• The book uses short dialogues to explain how a specific technique would work in a team, or how a line of reasoning could come about. In my opinion they're too short. What they want to emphasize could've just as well been written in a paragraph and would've had the same result. They're missing a bigger picture, and personally, I never had conversations like that.

  • The book states on two occasions that continuous integration should happen on the baseline of your project, and seems to imply that using it on branches is not a good idea. Why that is the case it doesn't explain. That the mainline is always the integration point of a project is pretty clear, but why that doesn't mean you can't integrate important branches remains unclear.

What struck me as odd was the constant mentioning of code inspection as part of continuous integration. I value code metrics for what they are (in fact, I used to be a big fan of them), and for what they can tell you about your code base, especially code coverage, but I have mixed feelings about including all of them in an integration build, because I have seen what time waster code metrics can be. But that might just be a matter of personal experience.

All that said, I still think this book is well worth the money, if you want to see what continuous integration can do for you and your project, and how you can apply the principles to your team. Paul M. Duvall did a great job compiling his experiences of applying and using continuous integrations, most of which I also had in one way or the other. In any way, I suggest reading Fowler's article firsthand, since it will give you a big picture about continuous integration, and then you can delve into the glory details with Duvall's book.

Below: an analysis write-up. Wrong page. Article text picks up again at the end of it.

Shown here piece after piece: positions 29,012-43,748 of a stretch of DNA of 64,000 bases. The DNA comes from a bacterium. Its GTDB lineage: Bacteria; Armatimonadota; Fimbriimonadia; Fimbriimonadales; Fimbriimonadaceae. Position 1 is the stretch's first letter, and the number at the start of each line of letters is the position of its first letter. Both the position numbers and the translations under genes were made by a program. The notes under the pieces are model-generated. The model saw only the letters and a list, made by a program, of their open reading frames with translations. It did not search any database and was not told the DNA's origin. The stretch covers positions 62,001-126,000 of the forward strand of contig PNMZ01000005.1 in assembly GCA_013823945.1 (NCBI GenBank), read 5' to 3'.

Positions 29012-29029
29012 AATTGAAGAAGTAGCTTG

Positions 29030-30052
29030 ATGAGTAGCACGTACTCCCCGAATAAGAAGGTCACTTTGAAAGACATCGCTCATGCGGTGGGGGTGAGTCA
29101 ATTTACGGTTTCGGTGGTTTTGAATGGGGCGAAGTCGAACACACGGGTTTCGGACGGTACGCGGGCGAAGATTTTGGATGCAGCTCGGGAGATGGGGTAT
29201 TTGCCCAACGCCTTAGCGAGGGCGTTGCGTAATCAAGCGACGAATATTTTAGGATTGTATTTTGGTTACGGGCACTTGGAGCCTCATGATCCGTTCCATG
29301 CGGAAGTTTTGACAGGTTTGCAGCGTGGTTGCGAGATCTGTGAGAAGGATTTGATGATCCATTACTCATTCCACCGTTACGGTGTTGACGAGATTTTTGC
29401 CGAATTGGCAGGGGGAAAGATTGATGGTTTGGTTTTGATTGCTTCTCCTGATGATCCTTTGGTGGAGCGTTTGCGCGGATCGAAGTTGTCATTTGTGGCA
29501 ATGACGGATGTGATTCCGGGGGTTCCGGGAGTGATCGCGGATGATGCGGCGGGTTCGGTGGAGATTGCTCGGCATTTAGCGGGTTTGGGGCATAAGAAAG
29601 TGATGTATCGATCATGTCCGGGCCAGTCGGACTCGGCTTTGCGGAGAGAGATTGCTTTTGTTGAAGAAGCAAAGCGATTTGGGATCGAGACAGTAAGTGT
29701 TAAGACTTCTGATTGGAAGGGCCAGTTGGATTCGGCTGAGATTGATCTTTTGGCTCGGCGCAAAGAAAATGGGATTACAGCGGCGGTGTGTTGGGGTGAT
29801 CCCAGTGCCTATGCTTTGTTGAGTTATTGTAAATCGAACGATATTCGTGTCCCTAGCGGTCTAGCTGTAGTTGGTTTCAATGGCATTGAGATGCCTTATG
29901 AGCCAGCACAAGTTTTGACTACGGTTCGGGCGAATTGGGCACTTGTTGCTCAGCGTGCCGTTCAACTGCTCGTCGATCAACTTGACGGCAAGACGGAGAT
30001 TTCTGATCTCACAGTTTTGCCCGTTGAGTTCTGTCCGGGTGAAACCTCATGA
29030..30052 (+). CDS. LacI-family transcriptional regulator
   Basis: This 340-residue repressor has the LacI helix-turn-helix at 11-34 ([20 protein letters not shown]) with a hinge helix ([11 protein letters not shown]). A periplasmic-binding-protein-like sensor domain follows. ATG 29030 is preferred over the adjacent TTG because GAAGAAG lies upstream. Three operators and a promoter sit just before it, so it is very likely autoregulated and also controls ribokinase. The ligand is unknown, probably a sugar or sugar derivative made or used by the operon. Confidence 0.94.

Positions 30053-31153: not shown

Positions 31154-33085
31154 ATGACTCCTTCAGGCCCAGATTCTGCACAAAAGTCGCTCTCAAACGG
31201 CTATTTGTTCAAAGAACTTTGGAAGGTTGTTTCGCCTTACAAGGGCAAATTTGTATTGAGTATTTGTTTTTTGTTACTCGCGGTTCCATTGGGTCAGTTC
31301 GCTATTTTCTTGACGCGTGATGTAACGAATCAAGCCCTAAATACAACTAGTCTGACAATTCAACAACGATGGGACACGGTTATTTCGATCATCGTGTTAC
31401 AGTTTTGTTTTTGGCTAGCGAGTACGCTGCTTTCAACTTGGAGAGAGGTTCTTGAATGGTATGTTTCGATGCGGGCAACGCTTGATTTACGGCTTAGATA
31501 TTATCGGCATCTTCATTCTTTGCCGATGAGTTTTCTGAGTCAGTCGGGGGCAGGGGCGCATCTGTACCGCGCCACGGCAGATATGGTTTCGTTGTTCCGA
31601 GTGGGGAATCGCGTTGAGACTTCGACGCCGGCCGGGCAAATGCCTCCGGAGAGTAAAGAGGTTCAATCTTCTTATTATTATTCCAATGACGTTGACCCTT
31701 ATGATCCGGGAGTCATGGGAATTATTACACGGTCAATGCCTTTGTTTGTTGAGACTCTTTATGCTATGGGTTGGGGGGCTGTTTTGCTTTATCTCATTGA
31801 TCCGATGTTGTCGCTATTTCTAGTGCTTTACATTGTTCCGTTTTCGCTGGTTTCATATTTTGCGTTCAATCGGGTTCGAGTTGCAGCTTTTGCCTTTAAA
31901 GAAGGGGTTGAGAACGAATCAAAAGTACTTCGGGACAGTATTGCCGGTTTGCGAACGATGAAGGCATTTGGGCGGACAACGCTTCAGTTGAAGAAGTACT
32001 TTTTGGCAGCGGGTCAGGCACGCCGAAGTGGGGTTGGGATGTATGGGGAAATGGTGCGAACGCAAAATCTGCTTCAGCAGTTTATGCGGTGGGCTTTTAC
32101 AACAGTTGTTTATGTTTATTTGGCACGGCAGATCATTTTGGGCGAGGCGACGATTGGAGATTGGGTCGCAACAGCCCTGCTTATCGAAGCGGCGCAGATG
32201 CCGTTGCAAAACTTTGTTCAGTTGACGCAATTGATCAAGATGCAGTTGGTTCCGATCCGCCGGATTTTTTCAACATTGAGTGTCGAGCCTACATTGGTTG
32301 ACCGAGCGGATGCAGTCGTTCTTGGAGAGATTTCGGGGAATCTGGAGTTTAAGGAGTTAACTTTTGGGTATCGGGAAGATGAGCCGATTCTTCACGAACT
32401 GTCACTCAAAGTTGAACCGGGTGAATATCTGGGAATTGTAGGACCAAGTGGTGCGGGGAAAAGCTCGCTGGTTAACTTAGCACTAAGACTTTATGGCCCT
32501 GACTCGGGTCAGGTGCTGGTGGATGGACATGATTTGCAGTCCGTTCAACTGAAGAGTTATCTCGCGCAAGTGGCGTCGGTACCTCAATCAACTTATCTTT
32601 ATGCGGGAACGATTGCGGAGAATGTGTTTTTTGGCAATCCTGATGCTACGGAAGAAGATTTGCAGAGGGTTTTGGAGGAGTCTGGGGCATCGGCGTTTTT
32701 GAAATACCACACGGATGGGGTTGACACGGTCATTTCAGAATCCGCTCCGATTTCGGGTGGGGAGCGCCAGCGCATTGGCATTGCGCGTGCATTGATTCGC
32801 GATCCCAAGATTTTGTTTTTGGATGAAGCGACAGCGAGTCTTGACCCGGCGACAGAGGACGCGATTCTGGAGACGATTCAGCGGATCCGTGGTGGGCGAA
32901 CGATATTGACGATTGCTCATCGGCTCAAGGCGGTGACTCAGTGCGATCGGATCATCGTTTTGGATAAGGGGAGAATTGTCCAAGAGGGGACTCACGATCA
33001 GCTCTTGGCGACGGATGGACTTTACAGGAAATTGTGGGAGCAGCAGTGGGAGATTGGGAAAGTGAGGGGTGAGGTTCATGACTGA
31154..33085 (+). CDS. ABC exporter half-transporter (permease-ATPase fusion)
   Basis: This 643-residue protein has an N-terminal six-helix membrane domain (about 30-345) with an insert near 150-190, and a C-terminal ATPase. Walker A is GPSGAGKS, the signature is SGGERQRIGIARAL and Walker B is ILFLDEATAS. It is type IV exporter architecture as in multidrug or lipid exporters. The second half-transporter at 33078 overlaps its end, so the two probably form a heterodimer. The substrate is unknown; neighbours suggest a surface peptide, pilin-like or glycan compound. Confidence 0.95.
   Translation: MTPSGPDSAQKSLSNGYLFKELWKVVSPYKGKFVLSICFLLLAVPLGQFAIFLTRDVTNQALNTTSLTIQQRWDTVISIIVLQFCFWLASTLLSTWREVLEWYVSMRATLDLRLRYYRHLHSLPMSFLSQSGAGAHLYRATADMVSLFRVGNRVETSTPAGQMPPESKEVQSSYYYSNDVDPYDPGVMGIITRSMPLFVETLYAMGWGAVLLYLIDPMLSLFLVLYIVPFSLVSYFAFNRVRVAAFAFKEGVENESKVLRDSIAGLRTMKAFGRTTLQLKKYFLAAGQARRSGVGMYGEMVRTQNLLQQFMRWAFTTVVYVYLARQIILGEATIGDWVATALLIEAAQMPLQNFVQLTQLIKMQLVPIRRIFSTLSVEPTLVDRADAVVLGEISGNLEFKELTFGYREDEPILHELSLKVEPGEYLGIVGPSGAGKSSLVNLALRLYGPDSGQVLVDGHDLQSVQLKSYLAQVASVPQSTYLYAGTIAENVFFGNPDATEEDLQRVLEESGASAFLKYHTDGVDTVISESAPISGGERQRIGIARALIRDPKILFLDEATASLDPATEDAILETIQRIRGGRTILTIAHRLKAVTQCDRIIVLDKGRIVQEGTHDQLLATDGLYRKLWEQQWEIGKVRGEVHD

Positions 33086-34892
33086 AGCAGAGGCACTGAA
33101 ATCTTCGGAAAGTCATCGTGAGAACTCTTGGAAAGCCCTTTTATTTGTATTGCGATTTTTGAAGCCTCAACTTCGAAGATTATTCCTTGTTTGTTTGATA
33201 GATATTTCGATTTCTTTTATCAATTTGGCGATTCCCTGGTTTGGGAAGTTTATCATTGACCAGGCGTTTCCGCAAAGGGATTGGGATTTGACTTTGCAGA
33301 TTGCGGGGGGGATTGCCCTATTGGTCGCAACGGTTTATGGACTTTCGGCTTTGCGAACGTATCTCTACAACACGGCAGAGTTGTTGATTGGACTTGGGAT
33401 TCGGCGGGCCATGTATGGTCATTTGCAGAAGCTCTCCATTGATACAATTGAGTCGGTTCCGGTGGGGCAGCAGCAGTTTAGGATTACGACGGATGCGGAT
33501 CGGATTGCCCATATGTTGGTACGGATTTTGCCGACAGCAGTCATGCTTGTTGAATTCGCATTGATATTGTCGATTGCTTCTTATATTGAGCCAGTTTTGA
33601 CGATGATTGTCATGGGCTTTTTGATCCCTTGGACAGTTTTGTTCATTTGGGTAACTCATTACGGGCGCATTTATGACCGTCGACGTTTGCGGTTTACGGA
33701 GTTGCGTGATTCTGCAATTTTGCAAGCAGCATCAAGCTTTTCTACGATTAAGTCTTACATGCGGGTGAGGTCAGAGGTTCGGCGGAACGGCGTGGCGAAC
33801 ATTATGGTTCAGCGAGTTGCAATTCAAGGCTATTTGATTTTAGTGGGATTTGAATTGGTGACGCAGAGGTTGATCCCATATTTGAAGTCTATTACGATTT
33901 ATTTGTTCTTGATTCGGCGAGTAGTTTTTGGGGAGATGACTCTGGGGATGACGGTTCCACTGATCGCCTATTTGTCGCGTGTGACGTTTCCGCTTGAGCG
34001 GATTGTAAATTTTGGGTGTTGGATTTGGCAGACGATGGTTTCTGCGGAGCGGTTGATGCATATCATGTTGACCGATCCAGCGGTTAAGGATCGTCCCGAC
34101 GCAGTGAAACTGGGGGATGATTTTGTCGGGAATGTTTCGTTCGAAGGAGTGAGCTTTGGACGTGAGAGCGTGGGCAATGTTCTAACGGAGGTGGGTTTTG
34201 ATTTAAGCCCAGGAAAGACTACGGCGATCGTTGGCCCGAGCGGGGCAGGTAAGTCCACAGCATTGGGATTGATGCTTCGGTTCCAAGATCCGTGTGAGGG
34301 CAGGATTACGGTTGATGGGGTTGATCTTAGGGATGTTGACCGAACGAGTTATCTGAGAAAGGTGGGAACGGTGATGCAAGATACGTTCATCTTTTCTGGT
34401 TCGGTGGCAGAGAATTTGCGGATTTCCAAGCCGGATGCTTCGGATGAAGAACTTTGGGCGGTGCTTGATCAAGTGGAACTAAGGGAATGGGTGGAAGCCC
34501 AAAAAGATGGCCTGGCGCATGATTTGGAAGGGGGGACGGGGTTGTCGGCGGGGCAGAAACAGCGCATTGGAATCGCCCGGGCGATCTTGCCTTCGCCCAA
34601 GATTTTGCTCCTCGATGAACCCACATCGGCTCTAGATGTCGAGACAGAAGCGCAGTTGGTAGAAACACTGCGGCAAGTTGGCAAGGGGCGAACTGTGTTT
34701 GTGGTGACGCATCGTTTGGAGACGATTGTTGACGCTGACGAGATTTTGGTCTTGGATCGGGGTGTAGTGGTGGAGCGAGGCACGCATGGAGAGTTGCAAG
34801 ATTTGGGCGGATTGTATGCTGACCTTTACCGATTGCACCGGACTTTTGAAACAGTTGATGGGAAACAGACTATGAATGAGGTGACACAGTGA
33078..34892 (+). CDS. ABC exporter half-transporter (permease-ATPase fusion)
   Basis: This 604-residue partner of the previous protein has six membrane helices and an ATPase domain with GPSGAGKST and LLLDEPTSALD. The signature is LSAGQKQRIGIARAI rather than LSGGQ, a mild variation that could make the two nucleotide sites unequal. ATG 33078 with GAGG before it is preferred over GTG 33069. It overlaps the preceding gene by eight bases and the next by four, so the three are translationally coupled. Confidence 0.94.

The book also has an accompanying website, where you can find a growing stack of videos explaining a lot of the principles of continuous integration in practice. If you're living in Germany, the book is currently on sale at Lehmanns.

Still a classic on the topic is Mike Clark's "Pragmatic Project Automation", one of the first books by the Pragmatic Programmers and, though slightly outdated, still a good reference. This book got me hooked onto the ideas of continuous integration and push-button builds in the first place.

Been a while since the last reading list (here's a handy link, in case you're looking for more to read). Time to remedy that. Disclaimer: All links below are Amazon affiliate links. You'll be feeding my reading habit. Thank you in advance!

Pricing With Confidence by Reed Holden

I know I already mentioned this on the previous list, but it's just so good. A must read for pricing products or even your time as a freelancer. Must. Read.

Poke the Box by Seth Godin

A nice and short manifesto about starting (and finishing) things. If you don't finish, technically you never really started, right? Pretty delightful read and a nice kick in the pants about starting something, anything, about making things happen. Because if you don't, who else is there?

Fool's Gold by Gillian Tett

An excellent rundown of how the 2008 financial crisis came about and how derivatives and collateralized debt obligations came about. The interesting bit is that they were created with good intentions originally, but as with a lot of things, the short-sightedness and greed of investors and banks turned it into a mind-boggling web that was bound to end up as a cataclysmic and cascading failure across the entire financial system.